Skip to content

Exchange models securely between partners in a collaboration

15/01/2013

1. Introduction

Traditionally the collaboration between partners did not include the exchange of full models between partners, but now companies need to collaborate more closely in the product design phase. In order to optimise products as much as possible and to get an increased speed of cooperation, a need for the exchange of models has arisen. Two of the problems with exchanging models are (a) the size of the data that needs to be exchanged stresses the data bandwidth to the limit, and (b) confidentiality and intellectual property rights need to be preserved.

The surrogate modelling technique implemented in the MACROS product gives a solution for this problem.

2. Use of MACROS in the process of exchanging data between partners

MACROS is used in this process as follows:

  1. Discrete data instead of full dataset are sent by partner A to partner B: both the size of data is reduced and the confidentiality and IPR of the full dataset is insured.
  2. Partner B creates a surrogate model of the dataset with the MACROS software.
  3. Partner B uses this surrogate model in his calculations

A surrogate model is an approximation of the original dataset. Partner B creates this approximative model using the data that partner A has sent to him. With a powerful enough approximation method, this process is sufficiently accurate.

3. Industrial use case

We present a use case that concerns the modelling of an helicopter engine compartment, with coupled aerothermal modelling of the engine integrated into the helicopter engine bay. The thermal model of the engine is simulated by the thermal department of the engine manufacturer (Turbomeca), the thermal model of the engine compartment is simulated by the thermal department of the helicopter manufacturer (Eurocopter), and the full aerothermic model of the engine compartment is simulated by the aerodynamic department of the helicopter manufacturer.

The modelling process has several simulation steps, that involve data exchange between three parties:

  • Aerodynamic department of the helicopter manufacturer
  • Thermal department of the helicopter manufacturer
  • Thermal department of the engine manufacturer

The data exchange between the thermal departments of helicopter (Eurocopter) and engine manufacturer (Turbomeca) is sensitive to IPR and data size issues. The engine manufacturer owns the full engine model, and will not give it to the helicopter manufacturer. In order to safeguard its IPR and to reduce the size of the data, the engine manufacturer just sends the heat rejection in a discrete set of flying points to the helicopter manufacturer. A flying point is defined by engine power, external air temperature, heat rejection value, position, and altitude. Since the flying points delivered by the engine manufacturer do not always match to the flying points needed by the helicopter manufacturer, he needs to create an approximate or surrogate engine model, to be able to predict engine behaviour in the whole flying domain.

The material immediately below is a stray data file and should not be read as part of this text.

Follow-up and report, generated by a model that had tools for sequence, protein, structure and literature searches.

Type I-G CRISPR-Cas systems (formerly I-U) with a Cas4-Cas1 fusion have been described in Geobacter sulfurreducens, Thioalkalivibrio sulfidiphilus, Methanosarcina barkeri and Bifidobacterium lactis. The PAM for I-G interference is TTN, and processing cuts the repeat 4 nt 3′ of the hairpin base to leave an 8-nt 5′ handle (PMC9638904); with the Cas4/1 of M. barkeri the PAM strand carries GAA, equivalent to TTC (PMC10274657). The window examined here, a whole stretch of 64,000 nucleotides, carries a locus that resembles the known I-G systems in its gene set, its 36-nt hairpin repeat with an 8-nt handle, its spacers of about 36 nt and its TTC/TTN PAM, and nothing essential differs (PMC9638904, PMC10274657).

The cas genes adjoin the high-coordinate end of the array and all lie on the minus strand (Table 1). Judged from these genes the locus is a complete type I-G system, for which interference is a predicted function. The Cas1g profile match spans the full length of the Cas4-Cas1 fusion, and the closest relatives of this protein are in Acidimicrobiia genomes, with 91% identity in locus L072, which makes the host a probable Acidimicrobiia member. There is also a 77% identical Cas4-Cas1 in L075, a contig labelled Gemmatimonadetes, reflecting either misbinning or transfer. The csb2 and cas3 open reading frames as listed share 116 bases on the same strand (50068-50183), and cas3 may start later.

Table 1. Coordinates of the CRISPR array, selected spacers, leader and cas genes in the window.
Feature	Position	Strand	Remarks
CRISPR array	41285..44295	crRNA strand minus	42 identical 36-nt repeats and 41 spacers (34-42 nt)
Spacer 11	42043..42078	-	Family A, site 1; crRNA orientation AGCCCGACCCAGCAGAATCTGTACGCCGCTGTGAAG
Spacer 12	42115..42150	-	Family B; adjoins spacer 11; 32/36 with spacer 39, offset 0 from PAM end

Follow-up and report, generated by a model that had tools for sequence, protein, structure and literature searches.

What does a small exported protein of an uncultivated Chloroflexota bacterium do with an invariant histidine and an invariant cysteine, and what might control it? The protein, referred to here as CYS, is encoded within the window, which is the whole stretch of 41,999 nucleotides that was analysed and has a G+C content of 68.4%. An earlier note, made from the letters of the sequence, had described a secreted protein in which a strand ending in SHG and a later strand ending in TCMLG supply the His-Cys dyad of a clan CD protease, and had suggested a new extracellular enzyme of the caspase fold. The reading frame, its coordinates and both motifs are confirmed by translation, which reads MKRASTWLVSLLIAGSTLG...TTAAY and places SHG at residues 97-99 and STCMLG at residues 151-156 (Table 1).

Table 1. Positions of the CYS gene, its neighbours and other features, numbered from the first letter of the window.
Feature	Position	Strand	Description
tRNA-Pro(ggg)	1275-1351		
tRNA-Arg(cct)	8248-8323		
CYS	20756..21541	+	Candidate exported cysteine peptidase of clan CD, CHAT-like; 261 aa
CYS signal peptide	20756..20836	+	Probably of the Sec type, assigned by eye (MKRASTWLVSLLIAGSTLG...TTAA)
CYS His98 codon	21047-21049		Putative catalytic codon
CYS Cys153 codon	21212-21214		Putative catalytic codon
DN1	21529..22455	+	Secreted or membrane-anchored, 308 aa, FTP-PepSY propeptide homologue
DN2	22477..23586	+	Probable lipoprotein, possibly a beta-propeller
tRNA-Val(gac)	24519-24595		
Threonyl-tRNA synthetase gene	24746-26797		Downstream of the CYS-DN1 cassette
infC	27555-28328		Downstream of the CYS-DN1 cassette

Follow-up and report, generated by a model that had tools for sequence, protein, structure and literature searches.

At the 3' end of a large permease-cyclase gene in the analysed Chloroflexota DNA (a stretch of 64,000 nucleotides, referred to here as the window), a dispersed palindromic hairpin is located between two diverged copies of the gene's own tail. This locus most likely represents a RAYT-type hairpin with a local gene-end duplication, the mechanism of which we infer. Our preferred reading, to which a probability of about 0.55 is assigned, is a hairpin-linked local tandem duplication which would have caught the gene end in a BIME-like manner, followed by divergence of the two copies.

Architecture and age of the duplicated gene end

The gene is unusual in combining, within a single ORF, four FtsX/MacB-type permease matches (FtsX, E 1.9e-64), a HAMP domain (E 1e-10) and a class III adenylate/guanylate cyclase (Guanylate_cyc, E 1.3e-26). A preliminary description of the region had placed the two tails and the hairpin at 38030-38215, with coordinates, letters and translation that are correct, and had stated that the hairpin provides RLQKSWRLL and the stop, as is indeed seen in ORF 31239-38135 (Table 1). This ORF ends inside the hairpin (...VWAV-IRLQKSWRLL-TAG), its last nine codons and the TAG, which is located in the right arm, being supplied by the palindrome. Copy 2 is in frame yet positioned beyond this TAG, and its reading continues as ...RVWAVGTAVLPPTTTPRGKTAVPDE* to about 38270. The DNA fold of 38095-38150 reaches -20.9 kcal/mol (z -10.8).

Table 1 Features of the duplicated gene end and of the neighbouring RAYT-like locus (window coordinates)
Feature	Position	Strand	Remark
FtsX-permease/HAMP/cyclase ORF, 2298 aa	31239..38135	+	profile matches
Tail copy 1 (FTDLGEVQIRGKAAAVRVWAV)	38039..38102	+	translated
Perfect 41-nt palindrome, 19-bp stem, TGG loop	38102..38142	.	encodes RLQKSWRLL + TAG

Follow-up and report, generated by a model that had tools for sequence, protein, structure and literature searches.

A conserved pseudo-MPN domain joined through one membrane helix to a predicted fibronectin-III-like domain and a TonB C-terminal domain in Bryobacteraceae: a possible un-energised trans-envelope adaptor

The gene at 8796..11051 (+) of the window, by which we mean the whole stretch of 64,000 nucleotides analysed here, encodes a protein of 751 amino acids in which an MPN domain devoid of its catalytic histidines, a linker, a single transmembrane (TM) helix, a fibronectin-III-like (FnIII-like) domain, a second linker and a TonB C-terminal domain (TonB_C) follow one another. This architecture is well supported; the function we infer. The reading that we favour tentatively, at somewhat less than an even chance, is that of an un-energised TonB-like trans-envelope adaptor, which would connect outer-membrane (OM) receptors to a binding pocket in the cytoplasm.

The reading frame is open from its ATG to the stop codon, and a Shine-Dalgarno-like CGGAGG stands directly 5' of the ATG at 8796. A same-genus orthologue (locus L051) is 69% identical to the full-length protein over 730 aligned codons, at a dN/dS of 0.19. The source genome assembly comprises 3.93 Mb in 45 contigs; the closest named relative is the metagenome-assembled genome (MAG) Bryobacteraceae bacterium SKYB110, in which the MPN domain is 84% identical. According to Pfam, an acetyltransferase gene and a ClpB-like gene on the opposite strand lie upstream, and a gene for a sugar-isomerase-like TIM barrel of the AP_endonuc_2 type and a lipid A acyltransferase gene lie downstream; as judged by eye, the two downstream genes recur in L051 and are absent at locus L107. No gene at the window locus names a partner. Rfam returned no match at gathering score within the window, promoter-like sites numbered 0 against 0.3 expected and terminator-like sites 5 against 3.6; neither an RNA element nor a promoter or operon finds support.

With the MACROS tool, an engine surrogate model is constructed, using data from the engine manufacturer. The data consists of a set of curves for each flying point. The curves concern the engine skin temperature as function of space variable x. The surrogate models were created on the basis of these input data, and are then used to find a heat rejection value for an arbitrary flying point. This heat rejection value is then used by the helicopter manufacturer to perform simulations of the engine compartment model and of the aero-thermal model.

4. Conclusion

MACROS gives a solution for preserving confidentiality and IPR and for reducing data size in the exchange of data models. A model owner can give discrete data points to his partner, and the partner then uses surrogate models instead of the full model to get the data he needs.

Ref: MACROS is developed and distributed by Datadvance. IRIAS was involved for creation of the surrogate model. The Eurocopter-Turbomeca use case was developed in the CRESCENDO project.

From → PLM

Leave a Comment

Leave a Reply

Fill in your details below or click an icon to log in:

WordPress.com Logo

You are commenting using your WordPress.com account. Log Out /  Change )

Google+ photo

You are commenting using your Google+ account. Log Out /  Change )

Twitter picture

You are commenting using your Twitter account. Log Out /  Change )

Facebook photo

You are commenting using your Facebook account. Log Out /  Change )

w

Connecting to %s

%d bloggers like this: